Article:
“I think the first generation were generally not very reactive. They were inclined to be unresponsive to acts of violence and discrimination or take it in their stride. They felt that they were visitors in this country.”
When Chaggar died, Kulwant Sehli had been living in England for 22 years, well over half his life. He says his generation had to be “deaf and dumb to racist abuse”, but he understood why his children’s generation reacted as they did to violence and abuse and fought back. “Why should they be told go home? This is their home.”
Suresh Grover in 1979
After Gurdip Singh Chaggar’s death Suresh Grover became one of the founding members of the Southall Asian Youth Movement. Similar groups sprung up across the country.
Their slogan was: “Come what may, we are here to stay.”
“We were British Asians with black politics and we wanted to unite people to combat the issue of racism,” says Suresh. He remembers at that time there were no divisions between the South Asian community. “We realised religion, ethnicity, identity had no role or significance in what we were doing, so those issues didn’t come up.”
Thousands – mainly Asians – but also anti-racist supporters took to the streets in protest. Suresh was in the middle of it all.
He witnessed a white priest defending an old woman with an umbrella who had been hit by a policeman with a truncheon. “The priest got charged with threatening behaviour,” says Suresh.
But the death of one man, a New Zealand-born teacher – Blair Peach – protesting against the National Front, would become iconic. Gurhurpal Singh was watching these events on television as a university student.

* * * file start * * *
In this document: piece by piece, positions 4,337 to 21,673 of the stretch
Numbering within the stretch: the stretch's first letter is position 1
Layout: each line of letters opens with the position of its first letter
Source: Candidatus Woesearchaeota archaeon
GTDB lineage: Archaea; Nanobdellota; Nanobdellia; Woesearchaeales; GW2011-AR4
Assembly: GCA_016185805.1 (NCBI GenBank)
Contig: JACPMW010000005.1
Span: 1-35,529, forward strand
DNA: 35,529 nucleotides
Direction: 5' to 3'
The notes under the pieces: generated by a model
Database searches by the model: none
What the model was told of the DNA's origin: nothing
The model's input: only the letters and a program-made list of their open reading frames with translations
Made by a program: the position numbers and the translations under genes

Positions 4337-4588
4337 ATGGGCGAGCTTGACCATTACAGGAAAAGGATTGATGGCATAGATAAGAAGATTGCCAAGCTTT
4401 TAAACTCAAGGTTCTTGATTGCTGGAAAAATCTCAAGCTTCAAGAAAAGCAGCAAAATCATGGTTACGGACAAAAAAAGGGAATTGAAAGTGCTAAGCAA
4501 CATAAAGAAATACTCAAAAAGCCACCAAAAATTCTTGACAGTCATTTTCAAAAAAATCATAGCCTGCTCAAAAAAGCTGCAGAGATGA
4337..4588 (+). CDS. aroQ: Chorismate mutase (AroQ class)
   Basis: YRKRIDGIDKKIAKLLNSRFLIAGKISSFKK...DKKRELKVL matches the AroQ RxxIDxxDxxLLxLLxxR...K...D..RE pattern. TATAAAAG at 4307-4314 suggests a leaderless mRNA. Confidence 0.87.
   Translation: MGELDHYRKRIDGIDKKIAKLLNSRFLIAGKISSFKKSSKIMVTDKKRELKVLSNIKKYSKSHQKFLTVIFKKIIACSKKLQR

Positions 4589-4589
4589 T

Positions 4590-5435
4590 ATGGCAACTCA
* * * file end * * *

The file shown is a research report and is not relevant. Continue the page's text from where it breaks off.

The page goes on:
Clement Blair Peach (1946-1979) was a white New Zealand-born teacher who was killed during an Anti-Nazi League demonstration against the National Front in Southall
Died from injuries to the head, and a jury recorded verdict of death by misadventure; his partner, Celia Stubbs campaigned for many years for public inquiry into his death
In 2010 a Metropolitan Police report admitted that one of its officers was probably responsible for Peach’s death
He believes the events in Southall following the death of Gurdip Singh Chaggar and Blair Peach were a turning point for South Asian communities across the country.
“The significance of 1976 and 1979 is extremely important because Southall was one area where the Asian community was settled in large numbers and right-wing groups were deliberately intent on provoking a reaction and that reaction came in a very strong way, in response, to the death of Blair Peach and it also drew a red line – we won’t take this.”
For Suresh these were pivotal events not only for him but also many of his generation. He is now a prominent anti-racism campaigner.
“We are likely to die in this country. We don’t have a place we can call home like our elders, which is going back to India, Pakistan, Bangladesh or Sri Lanka. We want to live as equal citizens. So if it means staying and fighting that’s what we have to do and we’re not going to give an inch to that.”
Suresh’s and other stories can be heard in Three Pounds In My Pocket (series two) at 11:00 BST on 5, 12, and 19 August on BBC Radio 4.